What Yassky should have told me is that earlier that morning he was at a meeting where Forest City Ratner was making a plea to a collected group of elected officials for a redirection of housing subsidies in order to shift affordable housing to earlier phases of the project. (Developer of Atlantic Yards project delays condo plan, by Jotham Sederstrom, Tuesday, December 23rd 2008.) The housing subsidies Forest City Ratner wants can also come from the city housing agencies such as the New York City Housing Development Corporation. In fact they may probably come from the city agencies if they are awarded. The mayor has substantial control over what those city agencies do. Ergo, back to our original point. The term limits extension vote and Bloomberg are a problem in putting the stake in the heart of Atlantic Yards. (BTW: A “delayed” building of the condos doesn’t mean that fewer condos and more rental housing would be built, only that in a poor economy Ratner wants to more subsidy diverted to him sooner.)
We still want to do the interview with Councilman Yassky about how the negative effect of the term limits can be countered. (Bloomberg is a problem on other things too: Not only on the 30-35 acre monopoly Bloomberg wants Forest Ratner to have in the Atlantic Yards area, but also the swaths of the city Bloomberg is handing out in other areas like Willets Point and the West Harlem Neighborhood being given to Columbia.)
The Daily News story that reported on the Monday meeting of elected officials with the Forest City Ratner officials looking for a handout ended with a Yassky quote:
"I don't believe the project approved by the state is going to be going forward anytime soon," said Yassky. "Forest City Ratner should return the taxpayer dollars, and start talking about what actually can be built."Develop Don’t Destroy Brooklyn commenting on that article, said, “We second that thought Councilman Yassky.”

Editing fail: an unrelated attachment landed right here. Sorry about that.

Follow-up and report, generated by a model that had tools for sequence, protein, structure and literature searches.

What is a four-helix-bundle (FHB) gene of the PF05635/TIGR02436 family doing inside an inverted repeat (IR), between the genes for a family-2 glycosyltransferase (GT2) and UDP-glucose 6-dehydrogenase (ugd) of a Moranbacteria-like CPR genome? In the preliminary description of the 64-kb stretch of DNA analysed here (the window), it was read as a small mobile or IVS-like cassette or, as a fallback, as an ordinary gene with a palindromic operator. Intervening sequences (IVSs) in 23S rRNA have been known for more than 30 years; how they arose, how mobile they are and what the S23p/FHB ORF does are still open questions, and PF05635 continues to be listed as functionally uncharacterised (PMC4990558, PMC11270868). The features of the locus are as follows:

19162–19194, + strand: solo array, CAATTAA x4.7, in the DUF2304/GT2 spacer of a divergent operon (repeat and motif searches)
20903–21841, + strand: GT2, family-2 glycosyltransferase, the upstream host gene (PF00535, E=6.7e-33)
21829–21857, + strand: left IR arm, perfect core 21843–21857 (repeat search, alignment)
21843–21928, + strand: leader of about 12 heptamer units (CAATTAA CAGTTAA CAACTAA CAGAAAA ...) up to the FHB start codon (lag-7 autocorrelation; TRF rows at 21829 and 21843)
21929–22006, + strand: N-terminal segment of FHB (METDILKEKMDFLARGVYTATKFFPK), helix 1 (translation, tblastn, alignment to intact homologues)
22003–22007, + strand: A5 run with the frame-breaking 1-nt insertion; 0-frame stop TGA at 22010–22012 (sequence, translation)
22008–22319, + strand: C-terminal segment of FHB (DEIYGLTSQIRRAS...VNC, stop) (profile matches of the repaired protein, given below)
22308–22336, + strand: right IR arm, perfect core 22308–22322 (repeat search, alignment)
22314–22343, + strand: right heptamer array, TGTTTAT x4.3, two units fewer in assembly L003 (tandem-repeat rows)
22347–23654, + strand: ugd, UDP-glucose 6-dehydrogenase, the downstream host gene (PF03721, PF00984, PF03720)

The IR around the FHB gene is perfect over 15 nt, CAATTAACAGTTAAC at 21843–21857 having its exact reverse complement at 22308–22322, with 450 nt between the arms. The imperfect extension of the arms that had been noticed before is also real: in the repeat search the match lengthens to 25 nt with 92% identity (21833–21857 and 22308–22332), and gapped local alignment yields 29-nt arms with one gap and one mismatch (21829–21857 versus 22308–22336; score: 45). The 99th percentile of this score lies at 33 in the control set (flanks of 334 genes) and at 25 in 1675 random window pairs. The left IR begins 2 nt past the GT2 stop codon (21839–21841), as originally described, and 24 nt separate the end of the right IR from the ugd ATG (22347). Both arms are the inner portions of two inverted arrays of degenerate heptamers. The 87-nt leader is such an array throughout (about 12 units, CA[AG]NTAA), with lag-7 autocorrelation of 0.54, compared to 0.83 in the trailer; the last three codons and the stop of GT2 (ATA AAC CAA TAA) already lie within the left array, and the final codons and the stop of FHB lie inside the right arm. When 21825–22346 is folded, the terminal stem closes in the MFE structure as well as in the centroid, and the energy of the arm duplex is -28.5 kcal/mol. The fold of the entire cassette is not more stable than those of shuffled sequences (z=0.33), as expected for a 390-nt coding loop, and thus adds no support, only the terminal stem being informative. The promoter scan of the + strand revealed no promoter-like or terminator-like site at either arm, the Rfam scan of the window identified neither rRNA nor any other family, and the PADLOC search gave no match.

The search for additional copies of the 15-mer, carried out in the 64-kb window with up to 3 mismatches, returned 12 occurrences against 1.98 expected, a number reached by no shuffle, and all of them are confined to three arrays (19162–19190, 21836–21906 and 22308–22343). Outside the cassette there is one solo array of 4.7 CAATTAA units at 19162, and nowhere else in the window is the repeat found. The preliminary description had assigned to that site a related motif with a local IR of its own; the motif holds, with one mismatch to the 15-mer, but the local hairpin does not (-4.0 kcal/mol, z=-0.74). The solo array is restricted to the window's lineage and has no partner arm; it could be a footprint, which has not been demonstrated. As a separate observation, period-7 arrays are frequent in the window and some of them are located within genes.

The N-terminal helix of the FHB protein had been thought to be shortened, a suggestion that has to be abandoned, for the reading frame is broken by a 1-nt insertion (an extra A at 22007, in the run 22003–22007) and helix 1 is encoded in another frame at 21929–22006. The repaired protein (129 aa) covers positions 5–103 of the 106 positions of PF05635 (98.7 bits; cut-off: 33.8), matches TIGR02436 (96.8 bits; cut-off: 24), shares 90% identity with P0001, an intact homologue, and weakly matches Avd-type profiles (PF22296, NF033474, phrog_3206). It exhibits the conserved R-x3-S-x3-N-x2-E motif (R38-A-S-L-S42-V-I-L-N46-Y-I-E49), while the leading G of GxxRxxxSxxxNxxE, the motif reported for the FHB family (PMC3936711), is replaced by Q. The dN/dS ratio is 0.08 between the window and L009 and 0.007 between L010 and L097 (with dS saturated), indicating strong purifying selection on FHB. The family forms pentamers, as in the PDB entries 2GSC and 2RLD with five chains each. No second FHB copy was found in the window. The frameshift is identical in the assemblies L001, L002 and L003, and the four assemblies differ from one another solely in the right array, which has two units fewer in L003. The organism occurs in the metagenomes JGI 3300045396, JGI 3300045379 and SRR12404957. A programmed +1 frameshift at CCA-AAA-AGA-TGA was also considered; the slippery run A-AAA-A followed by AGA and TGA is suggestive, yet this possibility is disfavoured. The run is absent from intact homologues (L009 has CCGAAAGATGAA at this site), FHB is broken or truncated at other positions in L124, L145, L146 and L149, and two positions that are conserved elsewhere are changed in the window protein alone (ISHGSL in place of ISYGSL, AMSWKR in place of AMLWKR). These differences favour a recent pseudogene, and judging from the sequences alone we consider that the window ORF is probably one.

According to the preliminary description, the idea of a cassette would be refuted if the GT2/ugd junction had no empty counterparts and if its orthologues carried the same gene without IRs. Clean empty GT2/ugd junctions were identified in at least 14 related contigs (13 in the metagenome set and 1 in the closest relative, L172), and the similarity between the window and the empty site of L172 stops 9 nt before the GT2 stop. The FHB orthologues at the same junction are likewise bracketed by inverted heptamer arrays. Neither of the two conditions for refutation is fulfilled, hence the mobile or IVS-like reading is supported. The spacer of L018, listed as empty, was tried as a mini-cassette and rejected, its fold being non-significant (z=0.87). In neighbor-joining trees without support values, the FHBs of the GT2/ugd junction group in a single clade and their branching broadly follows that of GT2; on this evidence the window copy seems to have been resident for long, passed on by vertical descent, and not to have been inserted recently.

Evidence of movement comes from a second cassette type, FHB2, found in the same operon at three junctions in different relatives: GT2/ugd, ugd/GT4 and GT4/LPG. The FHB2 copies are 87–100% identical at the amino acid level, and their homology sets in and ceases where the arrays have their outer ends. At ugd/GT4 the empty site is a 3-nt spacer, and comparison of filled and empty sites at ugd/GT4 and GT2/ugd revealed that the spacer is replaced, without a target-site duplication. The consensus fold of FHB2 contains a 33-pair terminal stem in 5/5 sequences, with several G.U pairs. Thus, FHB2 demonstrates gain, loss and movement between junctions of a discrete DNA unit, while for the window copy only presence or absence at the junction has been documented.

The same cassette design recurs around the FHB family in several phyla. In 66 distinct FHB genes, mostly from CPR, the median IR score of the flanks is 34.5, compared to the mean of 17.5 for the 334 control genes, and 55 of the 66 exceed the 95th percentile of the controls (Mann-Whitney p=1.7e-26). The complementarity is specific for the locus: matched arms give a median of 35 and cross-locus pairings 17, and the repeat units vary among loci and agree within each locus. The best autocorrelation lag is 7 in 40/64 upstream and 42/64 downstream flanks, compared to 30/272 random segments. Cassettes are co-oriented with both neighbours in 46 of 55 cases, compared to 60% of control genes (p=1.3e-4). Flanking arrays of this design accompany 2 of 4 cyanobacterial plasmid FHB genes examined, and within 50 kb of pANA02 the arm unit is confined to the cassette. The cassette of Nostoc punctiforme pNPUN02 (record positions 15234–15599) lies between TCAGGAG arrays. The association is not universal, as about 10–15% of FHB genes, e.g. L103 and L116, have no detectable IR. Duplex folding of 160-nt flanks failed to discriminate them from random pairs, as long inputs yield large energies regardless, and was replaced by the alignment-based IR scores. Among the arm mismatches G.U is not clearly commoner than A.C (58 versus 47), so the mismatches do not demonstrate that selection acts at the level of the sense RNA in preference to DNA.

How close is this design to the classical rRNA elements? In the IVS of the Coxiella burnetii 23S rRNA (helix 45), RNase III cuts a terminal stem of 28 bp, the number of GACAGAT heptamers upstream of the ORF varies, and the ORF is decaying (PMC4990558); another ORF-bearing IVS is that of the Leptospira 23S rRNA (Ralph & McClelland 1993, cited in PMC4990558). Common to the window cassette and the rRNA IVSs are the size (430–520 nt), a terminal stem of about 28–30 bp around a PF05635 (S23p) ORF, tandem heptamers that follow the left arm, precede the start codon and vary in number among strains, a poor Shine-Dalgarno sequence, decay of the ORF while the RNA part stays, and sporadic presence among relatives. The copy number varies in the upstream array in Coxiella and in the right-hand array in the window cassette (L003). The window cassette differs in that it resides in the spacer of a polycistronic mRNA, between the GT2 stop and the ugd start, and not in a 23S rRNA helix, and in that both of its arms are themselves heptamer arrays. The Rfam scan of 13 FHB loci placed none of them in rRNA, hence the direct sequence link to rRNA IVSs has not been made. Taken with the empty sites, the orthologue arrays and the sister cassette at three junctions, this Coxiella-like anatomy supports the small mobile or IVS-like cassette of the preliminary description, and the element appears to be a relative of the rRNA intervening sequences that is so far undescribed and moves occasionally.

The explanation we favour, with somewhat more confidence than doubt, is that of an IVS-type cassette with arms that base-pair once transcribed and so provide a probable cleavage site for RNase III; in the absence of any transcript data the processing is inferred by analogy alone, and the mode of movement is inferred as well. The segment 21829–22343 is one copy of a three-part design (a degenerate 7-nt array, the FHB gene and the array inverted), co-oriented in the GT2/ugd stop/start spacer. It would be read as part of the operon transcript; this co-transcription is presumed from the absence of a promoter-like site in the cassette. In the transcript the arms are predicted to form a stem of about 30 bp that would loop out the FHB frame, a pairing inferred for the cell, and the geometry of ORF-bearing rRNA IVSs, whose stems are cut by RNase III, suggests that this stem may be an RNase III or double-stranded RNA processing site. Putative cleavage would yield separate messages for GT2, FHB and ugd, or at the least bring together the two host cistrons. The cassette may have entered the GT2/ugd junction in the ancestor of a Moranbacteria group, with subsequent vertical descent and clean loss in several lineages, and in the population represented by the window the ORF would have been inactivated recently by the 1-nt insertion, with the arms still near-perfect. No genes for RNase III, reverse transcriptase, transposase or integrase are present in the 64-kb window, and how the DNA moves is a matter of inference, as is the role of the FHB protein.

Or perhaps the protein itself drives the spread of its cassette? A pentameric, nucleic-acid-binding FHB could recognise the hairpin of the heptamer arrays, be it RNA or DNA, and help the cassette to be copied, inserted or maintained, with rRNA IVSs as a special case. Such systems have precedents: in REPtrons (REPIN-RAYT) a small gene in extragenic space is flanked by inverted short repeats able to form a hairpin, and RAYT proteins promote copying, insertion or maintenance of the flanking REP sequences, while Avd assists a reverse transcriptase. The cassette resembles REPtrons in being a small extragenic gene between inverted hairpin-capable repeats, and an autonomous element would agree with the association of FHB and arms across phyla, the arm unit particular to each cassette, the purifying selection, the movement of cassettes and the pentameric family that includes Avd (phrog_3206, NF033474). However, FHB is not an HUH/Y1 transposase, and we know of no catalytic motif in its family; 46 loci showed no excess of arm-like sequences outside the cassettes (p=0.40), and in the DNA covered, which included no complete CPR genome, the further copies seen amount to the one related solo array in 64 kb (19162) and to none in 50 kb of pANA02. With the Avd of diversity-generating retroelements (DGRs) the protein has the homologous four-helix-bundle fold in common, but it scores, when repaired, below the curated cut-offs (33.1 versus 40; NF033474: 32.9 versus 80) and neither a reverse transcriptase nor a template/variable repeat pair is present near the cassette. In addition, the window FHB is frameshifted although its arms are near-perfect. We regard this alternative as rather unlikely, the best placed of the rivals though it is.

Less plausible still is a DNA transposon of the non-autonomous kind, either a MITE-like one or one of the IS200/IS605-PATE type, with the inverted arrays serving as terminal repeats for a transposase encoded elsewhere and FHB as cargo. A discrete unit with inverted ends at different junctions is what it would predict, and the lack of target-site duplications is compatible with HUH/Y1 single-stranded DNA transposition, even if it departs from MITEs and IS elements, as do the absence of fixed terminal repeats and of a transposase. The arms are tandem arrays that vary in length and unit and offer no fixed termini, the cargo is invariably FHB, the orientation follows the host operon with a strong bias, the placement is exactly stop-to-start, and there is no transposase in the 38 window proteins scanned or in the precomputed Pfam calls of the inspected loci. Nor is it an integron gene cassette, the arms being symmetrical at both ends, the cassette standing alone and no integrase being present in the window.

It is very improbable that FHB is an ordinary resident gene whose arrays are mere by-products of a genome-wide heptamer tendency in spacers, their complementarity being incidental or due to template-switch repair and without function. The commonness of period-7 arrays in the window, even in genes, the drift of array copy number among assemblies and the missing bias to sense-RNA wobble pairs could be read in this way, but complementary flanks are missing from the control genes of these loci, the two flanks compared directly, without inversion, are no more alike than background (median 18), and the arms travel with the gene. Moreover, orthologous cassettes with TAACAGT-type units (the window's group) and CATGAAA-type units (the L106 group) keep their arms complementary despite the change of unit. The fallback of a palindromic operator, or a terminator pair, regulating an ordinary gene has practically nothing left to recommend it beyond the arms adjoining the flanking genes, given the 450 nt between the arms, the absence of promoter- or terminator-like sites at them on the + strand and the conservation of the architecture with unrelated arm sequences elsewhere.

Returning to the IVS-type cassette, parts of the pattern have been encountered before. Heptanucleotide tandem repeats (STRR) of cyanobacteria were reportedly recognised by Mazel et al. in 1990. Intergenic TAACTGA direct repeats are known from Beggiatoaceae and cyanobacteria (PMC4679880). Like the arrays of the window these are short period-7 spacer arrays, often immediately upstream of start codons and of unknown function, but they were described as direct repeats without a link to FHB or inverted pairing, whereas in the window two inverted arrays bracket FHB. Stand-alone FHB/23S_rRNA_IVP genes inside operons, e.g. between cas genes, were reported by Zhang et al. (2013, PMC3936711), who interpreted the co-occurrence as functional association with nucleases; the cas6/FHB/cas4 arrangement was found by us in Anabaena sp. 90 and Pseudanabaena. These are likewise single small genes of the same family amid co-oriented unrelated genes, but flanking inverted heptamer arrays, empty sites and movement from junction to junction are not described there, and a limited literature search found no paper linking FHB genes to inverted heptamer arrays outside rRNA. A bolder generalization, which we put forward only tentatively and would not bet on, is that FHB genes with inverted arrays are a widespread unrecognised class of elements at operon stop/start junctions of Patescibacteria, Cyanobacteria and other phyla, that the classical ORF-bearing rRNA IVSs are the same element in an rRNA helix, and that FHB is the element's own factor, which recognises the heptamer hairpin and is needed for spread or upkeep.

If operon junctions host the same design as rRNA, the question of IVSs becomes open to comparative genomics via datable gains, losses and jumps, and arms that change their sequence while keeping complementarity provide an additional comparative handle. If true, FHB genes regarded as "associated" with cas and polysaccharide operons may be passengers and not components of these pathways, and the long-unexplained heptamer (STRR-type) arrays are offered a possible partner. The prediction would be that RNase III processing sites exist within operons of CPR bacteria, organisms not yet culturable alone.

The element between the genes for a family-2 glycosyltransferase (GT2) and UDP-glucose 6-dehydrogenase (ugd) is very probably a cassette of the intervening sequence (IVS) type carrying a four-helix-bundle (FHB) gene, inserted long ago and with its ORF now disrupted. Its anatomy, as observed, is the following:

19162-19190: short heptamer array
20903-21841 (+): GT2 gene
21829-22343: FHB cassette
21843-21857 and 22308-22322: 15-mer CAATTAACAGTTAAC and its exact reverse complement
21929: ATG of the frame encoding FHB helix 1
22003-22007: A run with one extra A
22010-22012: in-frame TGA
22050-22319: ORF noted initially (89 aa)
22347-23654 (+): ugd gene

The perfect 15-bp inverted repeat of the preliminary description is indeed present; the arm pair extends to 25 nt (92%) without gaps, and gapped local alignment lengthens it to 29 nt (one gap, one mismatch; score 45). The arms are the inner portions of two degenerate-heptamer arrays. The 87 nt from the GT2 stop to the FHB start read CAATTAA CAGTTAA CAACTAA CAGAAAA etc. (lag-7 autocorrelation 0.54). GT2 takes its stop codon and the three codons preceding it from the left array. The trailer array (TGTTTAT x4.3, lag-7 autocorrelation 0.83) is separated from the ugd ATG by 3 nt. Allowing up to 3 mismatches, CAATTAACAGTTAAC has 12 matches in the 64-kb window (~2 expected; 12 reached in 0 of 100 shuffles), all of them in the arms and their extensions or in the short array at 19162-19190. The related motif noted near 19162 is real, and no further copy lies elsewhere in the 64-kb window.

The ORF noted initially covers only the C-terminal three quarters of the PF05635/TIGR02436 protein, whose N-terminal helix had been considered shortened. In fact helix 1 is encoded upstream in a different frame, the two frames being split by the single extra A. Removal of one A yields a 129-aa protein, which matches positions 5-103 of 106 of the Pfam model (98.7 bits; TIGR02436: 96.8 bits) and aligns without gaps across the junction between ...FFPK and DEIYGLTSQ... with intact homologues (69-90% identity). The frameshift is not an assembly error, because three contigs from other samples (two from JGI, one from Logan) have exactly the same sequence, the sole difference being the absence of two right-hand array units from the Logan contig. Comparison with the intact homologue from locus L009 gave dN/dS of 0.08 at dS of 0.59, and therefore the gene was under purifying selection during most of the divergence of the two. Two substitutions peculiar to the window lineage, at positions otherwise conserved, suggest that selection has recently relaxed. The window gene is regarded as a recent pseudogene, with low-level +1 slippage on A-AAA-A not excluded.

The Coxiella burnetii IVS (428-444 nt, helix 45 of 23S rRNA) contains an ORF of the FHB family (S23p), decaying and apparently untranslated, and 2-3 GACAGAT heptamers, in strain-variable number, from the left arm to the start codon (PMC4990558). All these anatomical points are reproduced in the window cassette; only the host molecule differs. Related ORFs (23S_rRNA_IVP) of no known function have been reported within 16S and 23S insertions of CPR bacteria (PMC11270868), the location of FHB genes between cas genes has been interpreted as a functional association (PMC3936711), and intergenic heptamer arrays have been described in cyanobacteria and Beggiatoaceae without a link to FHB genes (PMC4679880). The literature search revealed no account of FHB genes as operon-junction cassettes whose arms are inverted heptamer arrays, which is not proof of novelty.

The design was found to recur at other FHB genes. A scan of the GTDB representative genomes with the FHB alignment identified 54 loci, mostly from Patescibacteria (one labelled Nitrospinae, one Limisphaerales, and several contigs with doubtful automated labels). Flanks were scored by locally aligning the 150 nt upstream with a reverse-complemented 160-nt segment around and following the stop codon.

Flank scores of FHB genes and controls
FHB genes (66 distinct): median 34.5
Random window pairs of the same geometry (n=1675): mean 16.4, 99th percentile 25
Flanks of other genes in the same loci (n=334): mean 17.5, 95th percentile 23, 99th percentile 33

Reclaim the Project: No Entitlements
We do not wholly second the Yassky thought. While we do think that "Forest City Ratner should return the taxpayer dollars,” we do not think it should be up to Forest City Ratner to be “talking about what actually can be built." It is up to our public officials to be talking about what should be built. The plug should be pulled. The project should be taken away from Forest City Ratner and a properly conceived and designed project that is actually bid out should be built by multiple developers, preferably, Forest City Ratner not among them.
Atlantic Yards Report ran a story today about how Forest City Ratner is speaking in terms of its being entitled to build Atlantic Yards (and by definition being entitled to a decades-long 30+ acre monopoly on this section of Brooklyn). (See: Wednesday, December 24, 2008, Who's in control? Forest City and the indirect subsidy value of its "entitlements.") Fact is, no one is proposing to build what was ever “approved,” there are no commitments from Ratner and there are no entitlements. (In fact, “entitlements” is a just a made up term. It stands for nothing legal and, at best, a claim upon politicians not the public.) The plug ought to be pulled now and the public funds should be retrieved just as Mr. Yassky says. Then perhaps Mr. Yassky can, as a candidate for City Comptroller, subsequently as City Comptroller Elect and then as City Comptroller start plugging those figures back into the city budget so they can be spent appropriately.